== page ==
3. Advance retail investor protection, engagement and education: Emphasis on the importance of delivering policy, education and research initiatives through the OSC Investor Office, particularly addressed at senior citizens, is addressed in both the Priorities Report Card and the Statement of Priorities. In 2018, the OSC published OSC Staff Notice 11-779 – Seniors Strategy, which addresses the investment issues of older investors. The OSC, through the OSC Investor Office, plans to continue the OSC Seniors Strategy as well as other education and outreach programs.
Deliver effective compliance, supervision and enforcement
4. Compliance with regulation: The OSC continues to prioritize protecting investors by upholding strong standards of compliance with regulation. Compliance initiatives are targeted through the use of data and reviews to focus on high risk areas. In 2017, a notable accomplishment under this initiative was the publishing of Multilateral Instrument 91-102 – Prohibition of Binary Options. The OSC has indicated in its Statement of Priorities that it will continue to conduct targeted compliance reviews focused on new registrants and high risk, problematic, and large/high impact firms.
5. Enforcement initiatives: Efforts under this initiative involve a focus on deterrence through timely and consequential enforcement actions. Highlights of the last fiscal year include managing more than 185 whistleblower tips under the OSC Whistleblower Program and a review of the use of restrictive agreements by registrants that attempted to preclude whistleblowing. The OSC plans to continue to leverage the Joint Serious Offences Team to identify serious breaches, focus prosecution efforts on serious, and raise awareness of the OSC Whistleblower Program.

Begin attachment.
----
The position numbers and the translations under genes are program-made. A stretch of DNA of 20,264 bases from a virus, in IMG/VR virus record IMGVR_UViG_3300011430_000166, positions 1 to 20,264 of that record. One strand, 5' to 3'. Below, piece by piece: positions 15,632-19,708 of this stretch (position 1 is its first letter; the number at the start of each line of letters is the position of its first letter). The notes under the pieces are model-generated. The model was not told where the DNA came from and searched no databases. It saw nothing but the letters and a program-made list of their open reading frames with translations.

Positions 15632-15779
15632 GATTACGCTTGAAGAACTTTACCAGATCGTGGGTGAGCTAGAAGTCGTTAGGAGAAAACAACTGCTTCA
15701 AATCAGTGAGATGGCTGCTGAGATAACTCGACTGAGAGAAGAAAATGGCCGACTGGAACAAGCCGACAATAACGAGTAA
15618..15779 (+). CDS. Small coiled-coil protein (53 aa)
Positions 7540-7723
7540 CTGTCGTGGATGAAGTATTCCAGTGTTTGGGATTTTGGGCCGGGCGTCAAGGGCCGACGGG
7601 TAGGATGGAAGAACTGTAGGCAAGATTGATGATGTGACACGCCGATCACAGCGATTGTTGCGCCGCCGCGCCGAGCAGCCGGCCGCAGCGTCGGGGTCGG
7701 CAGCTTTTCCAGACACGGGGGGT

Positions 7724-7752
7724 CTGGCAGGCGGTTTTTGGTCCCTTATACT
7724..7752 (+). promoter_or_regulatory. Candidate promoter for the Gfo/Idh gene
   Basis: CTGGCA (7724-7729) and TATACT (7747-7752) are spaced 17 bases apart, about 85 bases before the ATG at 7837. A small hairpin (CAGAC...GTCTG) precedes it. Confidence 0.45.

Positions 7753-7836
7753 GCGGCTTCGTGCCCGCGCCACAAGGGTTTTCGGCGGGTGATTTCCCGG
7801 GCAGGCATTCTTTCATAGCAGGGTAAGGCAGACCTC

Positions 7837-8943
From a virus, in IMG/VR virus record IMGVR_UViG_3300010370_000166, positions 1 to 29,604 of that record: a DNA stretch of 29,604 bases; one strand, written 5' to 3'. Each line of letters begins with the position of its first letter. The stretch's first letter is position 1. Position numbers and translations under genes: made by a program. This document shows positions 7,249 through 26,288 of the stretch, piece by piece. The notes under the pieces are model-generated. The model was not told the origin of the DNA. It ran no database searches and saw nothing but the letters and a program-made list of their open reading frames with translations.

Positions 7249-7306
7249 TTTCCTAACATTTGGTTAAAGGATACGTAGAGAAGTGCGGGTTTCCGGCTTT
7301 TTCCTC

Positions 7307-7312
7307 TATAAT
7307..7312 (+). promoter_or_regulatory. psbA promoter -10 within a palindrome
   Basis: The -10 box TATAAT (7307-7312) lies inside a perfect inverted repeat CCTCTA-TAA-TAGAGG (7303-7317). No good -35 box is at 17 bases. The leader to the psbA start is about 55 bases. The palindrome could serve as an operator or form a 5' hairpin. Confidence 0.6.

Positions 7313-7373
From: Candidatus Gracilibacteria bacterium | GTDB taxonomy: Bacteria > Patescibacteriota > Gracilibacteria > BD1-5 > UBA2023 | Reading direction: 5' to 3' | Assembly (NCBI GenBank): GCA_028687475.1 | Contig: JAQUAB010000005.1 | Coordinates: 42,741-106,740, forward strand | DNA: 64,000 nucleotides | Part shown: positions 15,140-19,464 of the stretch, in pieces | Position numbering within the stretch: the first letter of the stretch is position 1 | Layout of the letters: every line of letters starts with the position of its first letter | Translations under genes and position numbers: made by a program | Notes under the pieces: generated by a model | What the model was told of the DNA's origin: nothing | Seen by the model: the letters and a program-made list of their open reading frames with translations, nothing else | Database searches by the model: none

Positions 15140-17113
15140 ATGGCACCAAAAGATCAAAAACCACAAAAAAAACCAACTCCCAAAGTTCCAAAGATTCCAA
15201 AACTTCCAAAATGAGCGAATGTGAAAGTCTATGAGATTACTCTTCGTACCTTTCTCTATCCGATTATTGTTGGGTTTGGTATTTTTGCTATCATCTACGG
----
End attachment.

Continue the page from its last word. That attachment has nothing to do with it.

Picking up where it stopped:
Deliver responsive regulation
6. Innovation (including Fintech): There continues to be innovation transforming the financial services industry and the OSC has acknowledged that regulation needs to keep up with digital innovation. OSC LaunchPad continues to be a key initiative under this priority to assist Fintech businesses with navigating the regulatory framework. The OSC will carry on its activities from the past year by focussing on engaging with the Fintech community, including through its OSC Fintech Advisory Committee. Some highlights from the past year include publishing CSA Staff Notice 46-307 – Cryptocurrency Offerings and CSA Staff Notice 46-308 – Securities Law Implications for Offerings of Tokens, which provide additional guidance on the securities law requirements that may apply to cryptocurrency offerings. See our previous blog posts on the guidance issued in 2018 here and the 2017 guidance here.